Armored Trains in World War 1Edit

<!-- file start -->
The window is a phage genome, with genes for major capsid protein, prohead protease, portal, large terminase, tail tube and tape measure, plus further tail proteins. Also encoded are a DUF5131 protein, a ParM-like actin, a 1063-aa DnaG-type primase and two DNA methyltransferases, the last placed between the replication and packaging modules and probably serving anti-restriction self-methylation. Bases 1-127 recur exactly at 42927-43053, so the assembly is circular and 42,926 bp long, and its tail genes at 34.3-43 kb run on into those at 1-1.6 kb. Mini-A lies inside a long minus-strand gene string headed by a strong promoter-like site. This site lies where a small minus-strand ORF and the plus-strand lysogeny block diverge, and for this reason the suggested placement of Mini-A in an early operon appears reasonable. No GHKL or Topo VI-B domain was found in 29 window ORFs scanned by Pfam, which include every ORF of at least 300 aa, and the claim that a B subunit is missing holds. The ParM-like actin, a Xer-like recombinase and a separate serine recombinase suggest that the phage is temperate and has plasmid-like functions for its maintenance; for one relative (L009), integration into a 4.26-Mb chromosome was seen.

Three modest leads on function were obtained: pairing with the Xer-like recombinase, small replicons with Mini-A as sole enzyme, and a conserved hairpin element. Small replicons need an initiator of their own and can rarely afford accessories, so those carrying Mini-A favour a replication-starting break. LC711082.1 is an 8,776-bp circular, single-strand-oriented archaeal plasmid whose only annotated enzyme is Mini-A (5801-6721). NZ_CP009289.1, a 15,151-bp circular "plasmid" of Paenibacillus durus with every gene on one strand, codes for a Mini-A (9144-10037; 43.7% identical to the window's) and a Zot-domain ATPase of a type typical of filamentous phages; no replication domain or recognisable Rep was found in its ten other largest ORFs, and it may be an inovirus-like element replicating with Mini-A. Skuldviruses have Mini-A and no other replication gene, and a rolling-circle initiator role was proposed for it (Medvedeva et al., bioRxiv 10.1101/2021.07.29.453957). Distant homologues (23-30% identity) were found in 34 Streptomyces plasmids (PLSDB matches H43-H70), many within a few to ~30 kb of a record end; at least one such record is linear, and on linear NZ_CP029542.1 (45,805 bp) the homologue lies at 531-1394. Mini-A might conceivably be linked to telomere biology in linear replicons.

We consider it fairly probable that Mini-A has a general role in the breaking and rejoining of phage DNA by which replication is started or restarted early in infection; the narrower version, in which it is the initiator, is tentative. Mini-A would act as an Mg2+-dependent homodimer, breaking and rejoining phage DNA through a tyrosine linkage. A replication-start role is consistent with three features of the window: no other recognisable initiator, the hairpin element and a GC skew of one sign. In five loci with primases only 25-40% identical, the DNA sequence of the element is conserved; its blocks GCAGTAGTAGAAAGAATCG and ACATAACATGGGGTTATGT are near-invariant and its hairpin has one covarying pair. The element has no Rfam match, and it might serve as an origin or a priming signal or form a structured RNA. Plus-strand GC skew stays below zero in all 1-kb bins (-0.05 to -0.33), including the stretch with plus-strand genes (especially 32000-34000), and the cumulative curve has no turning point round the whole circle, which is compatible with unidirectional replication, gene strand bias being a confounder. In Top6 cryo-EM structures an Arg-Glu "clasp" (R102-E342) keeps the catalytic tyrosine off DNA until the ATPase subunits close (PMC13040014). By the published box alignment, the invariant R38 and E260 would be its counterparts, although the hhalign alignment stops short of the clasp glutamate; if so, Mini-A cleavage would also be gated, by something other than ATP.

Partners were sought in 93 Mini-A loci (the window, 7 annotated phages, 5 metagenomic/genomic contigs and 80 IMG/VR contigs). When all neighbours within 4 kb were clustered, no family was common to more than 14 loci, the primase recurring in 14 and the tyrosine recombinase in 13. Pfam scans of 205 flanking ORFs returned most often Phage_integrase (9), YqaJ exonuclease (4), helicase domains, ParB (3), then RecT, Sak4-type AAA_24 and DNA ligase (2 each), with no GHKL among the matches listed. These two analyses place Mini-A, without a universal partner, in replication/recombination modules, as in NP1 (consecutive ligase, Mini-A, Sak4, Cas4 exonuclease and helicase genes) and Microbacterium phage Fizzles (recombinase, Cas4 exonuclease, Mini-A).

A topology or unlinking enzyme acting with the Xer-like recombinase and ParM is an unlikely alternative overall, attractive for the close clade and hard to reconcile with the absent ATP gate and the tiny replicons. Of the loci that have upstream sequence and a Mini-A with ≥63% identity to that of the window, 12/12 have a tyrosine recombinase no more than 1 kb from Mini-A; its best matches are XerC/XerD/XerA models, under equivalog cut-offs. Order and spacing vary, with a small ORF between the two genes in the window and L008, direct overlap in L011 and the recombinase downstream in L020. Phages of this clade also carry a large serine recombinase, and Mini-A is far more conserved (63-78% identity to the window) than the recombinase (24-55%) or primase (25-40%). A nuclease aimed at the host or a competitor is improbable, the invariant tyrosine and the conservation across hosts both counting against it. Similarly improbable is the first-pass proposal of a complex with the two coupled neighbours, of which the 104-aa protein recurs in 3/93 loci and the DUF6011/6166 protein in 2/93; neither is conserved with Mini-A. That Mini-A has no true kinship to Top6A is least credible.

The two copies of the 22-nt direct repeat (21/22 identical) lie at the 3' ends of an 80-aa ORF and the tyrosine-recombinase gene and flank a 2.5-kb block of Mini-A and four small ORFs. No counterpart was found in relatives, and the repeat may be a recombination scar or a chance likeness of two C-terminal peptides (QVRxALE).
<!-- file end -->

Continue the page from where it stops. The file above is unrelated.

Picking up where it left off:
One of the most important factors in every war is the speed at which the fighting force can be deployed against the enemy. In the later 19th century, the train became the most valuable means of transportation in the American Civil War and the Franco-Prussian War, as it could quickly move horse, guns, and soldiers. A dense system of railways and train stations allow armies to hastily deploy their troops, gaining the advantage over a slower enemy. And from Verdun and Galicia to the Piave and Palestine, armored trains in World War One would quickly move high-caliber artillery towards the front to provide heavy artillery support or carry supplies in the safety of their iron-clad hulls. Powered by coal or petroleum, armored trains of the War could fire large 6-inch naval guns while at the same time providing enough space for soldiers and their equipment. Machine gun emplacements could engage approaching infantry as well as incoming bombers, which saw the trains as valuable targets. Armored trains were, however, vulnerable to mines or other explosives that could sabotage the tracks.